And so it began. I bought this 2004 — a facelift model with upgraded headlights/taillights, front bumper, side skirts, and 5-lug (5×114.3) — EP3 from my neighbor for a price I couldn’t refuse. It’d been sitting for a while and the first time I test-drove it, I almost flew straight through an intersection because the brakes didn’t work. After the color returned to my face, I handed over some cash and sorted out the required maintenance.


Koyorad was the obvious choice to address my original factory radiator. It’s been a passionate, Japan-based manufacturer since 1968 and has rightfully earned its knee-jerk association with top-quality cooling solutions amongst JDM street enthusiasts, drift car pilots, and race car drivers the world over. Since it has actively committed to widening its product offering since its stateside introduction in 2004, I was confident that it’d have something that would work for me and my forgotten car. I was right. With a robust, plug-and-play Koyorad aluminum heat exchanger in place — which set the tone for all of the upgrades that followed — I was finally ready to modify it to my liking.


Since Koyorad’s maintenance/mod set a tone for top-tier quality, I chose to continue along that path. Thanks to Evasive Motorsports and Spoon USA, the car was treated to a generous helping of Spoon and Mugen bits inside and out. An OEM JDM roof spoiler and front bumper cover — with a super rare Air Walker aero front lip — were sourced to complement the tuner accessories. The stock seats were adequate (they are factory Recaros) but bulky; velour Recaro Profi SPGs were an enormous upgrade that played well with the EP3’s grey/black interior scheme. Underneath, the car received a Whiteline Performance rear sway bar and bump steer correction kit, all-new OEM bushings throughout, and a custom valved set of Stance XR1 coilovers. Pretty much everything to sizably upgrade the car, but preserve the EP3’s charm at the same time.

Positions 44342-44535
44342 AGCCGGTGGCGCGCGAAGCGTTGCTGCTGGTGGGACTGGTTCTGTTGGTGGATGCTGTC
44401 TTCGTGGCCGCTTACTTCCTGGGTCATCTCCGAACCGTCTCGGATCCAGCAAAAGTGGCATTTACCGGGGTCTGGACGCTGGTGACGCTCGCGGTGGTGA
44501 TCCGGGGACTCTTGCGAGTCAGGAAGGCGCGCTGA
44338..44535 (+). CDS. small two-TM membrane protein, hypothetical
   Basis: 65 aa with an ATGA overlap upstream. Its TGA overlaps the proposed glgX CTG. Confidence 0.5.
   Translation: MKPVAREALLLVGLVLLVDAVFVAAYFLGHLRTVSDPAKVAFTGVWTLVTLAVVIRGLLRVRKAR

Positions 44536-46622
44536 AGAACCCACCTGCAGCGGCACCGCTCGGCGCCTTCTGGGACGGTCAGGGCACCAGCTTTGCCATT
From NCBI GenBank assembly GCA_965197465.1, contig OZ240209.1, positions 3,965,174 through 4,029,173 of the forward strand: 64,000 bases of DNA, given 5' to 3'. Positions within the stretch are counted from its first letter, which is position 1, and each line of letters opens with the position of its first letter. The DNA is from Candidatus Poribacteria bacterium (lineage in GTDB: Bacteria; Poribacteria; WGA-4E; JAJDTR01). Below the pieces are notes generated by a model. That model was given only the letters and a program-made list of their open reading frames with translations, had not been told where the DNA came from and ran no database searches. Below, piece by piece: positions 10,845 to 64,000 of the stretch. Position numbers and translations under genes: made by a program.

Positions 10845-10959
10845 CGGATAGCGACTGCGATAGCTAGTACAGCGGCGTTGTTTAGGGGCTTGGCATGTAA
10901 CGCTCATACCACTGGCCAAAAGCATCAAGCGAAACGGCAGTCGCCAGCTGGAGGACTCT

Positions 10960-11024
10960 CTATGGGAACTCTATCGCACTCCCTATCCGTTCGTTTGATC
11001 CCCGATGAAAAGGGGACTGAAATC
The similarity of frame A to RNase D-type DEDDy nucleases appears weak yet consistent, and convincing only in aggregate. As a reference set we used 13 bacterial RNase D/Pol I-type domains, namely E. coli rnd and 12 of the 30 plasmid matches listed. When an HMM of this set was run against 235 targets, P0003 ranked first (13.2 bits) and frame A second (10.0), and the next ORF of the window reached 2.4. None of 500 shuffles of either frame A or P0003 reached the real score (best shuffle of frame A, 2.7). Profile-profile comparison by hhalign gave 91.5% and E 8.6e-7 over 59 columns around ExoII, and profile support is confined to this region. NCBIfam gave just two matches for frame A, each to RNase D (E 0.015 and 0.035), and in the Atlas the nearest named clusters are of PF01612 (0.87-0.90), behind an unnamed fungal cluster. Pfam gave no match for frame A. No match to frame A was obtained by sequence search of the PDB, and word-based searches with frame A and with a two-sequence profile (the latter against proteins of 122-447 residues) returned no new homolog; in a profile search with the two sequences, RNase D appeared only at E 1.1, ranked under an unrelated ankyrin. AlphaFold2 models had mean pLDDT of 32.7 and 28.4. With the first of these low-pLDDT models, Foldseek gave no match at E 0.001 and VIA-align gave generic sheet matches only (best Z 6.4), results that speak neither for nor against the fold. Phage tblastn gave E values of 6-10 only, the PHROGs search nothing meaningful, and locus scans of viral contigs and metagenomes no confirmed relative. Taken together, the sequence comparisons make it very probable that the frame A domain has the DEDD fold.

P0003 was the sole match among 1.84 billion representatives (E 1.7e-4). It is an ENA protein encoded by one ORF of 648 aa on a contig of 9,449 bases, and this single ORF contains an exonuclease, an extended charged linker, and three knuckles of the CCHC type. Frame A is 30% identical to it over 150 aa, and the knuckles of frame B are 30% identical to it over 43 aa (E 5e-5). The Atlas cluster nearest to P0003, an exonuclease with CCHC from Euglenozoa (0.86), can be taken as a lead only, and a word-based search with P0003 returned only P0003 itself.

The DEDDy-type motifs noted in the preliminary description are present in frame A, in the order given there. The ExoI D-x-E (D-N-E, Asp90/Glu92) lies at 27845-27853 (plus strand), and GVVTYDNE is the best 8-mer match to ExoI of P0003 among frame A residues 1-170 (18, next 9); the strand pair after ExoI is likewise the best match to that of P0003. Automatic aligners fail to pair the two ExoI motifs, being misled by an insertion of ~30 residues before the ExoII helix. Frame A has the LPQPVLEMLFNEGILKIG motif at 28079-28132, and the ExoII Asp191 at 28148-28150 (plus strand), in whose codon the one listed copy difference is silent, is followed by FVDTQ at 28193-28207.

As I’ve gotten older, I’ve found my tastes shifting away from the hottest new thing or trying to climb the proverbial rung with each new car. You could say that with this EP3, I’ve almost dismounted the ladder altogether, but I make no apologies for being amongst the minority that’s liked this Honda hatch from the start. Admittedly, I’ve had more fun modifying this forgotten car than I ever thought I would, but the formula makes sense. By modern standards, a 2,800lb FF hatch with a plethora of aftermarket support and JDM pedigree was bound to be a hoot and it’s been awesome to see fans of the platform finally come out of the woodwork. The moral of the story is that you don’t need a grandiose budget to enjoy a car or feel compelled to build a specific car for the ‘gram. Creating something special, something that means a great deal to you without any pressure to appease others or get thousands of Instagram likes, is one of the best feelings in the world.